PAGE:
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Home » Pumps » How to Select the Right Pumps for your Wastewater Systems – A Comprehensive Guide

How to Select the Right Pumps for your Wastewater Systems – A Comprehensive Guide

Posted: 09/08/2018
Category: Pumps , Water Pumps

The Need for Wastewater Pumps Water is one of the most important elements for any industry. Be it paper manufacturing, sugar processing, chemical industries or more, water serves many purposes in the industrial plant. And, this essential element is becoming more and more scarce. This means, industries have to look for ways to reuse water, thereby reducing the burden on the environment. Once water has served its use, it needs to be collected and dispatched to the wastewater treatment plant. A wastewater treatment plant is one that treats used water and makes it suitable for other applications. In the treatment plant, wastewater flows through the system. Sometimes, wastewater has to be moved opposite to gravity. In such instances, you require a pumping station and pumps to create a stable and smooth flow of the wastewater throughout the treatment plant. The Unique Challenges faced by Wastewater Pumps Wastewater is trickier to transport. This is because it has plenty of rags, organic solids, debris and other waste water immersed in it. Also, it’s essential that the pumps you use for displacing wastewater are highly reliable, to prevent overflows and spills. In the unfortunate case that a spill occurs, it could lead to environmental pollution, thereby attracting huge fines from the local authorities. This is why; you need to spend considerable time picking the right state-of-the-art pumps and wastewater pumping stations for your industry. No worries, here at Sintech, we help you find the right wastewater pumps that meet your specific requirements. Let’s get started. What to look for in a Wastewater Pump? Here’s a quick look at the factors you have to consider while choosing a wastewater pump.

  • Minimum energy use
  • Maximum pumping reliability
  • Aesthetically pleasing design (it has to be invisible)
  • Features that deal with odour (mostly hydrogen sulphide)
  • Intelligent control systems
  • The pumps must suit even challenging pump station layouts
Types of Wastewater Pumps There are several kinds of wastewater pumps. The common ones are:
  • Single-stage dry well pumps. These are known as conventional wastewater pumps and are available in a vertical or horizontal configuration.
  • Single-stage, solids handling, wet-well submersible pumps. Some particular types of submersible pumps are suited for both dry and wet well installations.
  • Single-stage or two-staged solids handling pumps with vertical turbines.
When choosing the right type of wastewater pumps, you have to consider several factors like life-cycle economic costs, applicability, and more. Quick Description of the Different Types of Pumps
  • Conventional Wastewater Pumps
These are also known as non-clog, solids handling or dry-well pumps. Their main purpose is to pump liquids that contain soft solids and other stringy material. They don’t require frequent servicing and cleaning and operate without plugging. They can either be installed with horizontal or vertical mounting. Vertically mounted pumps use a motor on the pump frame or a life shaft.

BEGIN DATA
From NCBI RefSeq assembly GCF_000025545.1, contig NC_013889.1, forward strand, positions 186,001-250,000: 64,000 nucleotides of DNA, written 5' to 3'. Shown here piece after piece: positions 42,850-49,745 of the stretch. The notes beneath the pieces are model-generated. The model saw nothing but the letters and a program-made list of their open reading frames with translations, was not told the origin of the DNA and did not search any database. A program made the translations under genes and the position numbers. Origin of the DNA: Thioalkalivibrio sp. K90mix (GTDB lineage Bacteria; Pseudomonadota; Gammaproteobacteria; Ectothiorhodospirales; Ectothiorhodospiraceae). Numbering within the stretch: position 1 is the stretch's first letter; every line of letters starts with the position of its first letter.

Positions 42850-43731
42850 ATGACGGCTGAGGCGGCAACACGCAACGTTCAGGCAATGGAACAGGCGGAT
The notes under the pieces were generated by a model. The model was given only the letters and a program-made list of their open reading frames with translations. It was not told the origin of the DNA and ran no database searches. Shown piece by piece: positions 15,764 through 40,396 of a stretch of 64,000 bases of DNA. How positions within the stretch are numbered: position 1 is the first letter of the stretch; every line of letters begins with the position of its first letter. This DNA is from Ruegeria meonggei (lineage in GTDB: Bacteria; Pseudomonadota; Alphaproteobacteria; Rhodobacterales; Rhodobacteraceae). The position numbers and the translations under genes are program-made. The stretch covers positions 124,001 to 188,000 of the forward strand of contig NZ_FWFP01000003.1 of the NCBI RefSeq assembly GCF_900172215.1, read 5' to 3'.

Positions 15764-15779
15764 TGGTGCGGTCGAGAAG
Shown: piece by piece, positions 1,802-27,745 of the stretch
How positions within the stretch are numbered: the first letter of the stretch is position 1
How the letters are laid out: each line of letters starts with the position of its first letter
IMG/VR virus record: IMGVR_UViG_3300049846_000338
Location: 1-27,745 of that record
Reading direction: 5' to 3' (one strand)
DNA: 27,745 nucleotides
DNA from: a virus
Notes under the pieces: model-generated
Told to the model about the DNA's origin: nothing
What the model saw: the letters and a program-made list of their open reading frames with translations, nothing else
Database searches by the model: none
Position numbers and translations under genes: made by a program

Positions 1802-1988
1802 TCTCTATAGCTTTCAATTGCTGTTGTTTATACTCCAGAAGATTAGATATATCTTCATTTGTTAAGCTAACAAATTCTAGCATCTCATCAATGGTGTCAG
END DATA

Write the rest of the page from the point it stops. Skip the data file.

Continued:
• Submersible Pumps
These are non-clog pumps that are immersed in the wastewater for operation. They come equipped with powerful motors. They are installed directly in wet well. This means wastewater pumping stations that use submersible pumps don’t require a dry well. The pumping system construction above the ground is minimal. All that’s visible above surface is a concrete slab and a small housing construction for the control centre. Conventional Vs Submersible Pumps – Which one to Choose? Both these types of wastewater pumps have pros and cons. here’s a look at the differences between them. Submersible pumps don’t require a dry well. This means the construction and installation costs of this type of pump is way lesser when compared to conventional pumps. On the flipside, submersible pumps are not readily available for service and inspection and don’t give much warning of any impending problems. This means the cost of service and maintenance are higherwhen compared to conventional pumps. Also, if any repair occurs it could lead to lengthy downtimes. When it comes to installing submersible pumps in wet-wells, it’s usually set up with a fixed discharging pipe that is supported by a tripod placed on the wet well floor. In such an installation, the wet well has to be drained during inspection, maintenance or service. Another alternative method of installing submersible pumps is the new pull-up design. Here, the discharge pipes are connected to a specially designed elbow that’s permanently fixed to the wet well floor. The pump discharge and the elbow come with a self-locking coupling. This set up, comes with a mounting bracket that moves up and down on rails. The pump can be raised or lowered into the wet well with the help of cables and cranes. The result, inspection personnel need not enter the wet-well and there’s no need to drain it during service. A few types of wastewater pumps that have submersible motors require continuous immersion in water during operation. They run only for short periods when exposed to air. Other advanced submersible pumps come with motors that provide internal cooling and can be operated continuously even at full loads, without immersion. You can also find internally cooled pumps for dry-well installations too. These pumps are highly resistant to damage even if the dry well gets accidentally flooded. The minor drawback with these types of pumps is that they come with higher initial costs. The latest pump in the non-clog pump world is the solids-handling, vertical turbine pumps. As the name implies, these pumps have the best of both vertical turbines and solids-handling. It’s installed directly on the top of the wet well and there’s no need for a dry well. It uses an angle gear or motor that is placed on top of the pump discharge head. This pump uses standard drivers and the drivers are easily accessible during maintenance or service. The discharge connections and the symmetrical bowl design can be mounted either below or above ground. Though this pump is a bit expensive, it reduces the need for a pumping station and dry well, thereby keeping the overall costs down. Choose the Right Wastewater Pumps that meet your Industry Requirements Now, that you’re aware of the working of the different types of wastewater pumps, we hope you can easily pick the best one that meets your specific requirements. And, if you need any further help, all you have to do is reach out to our team of pump experts, here at Sintech, India’s most trusted supplier of wastewater pumps.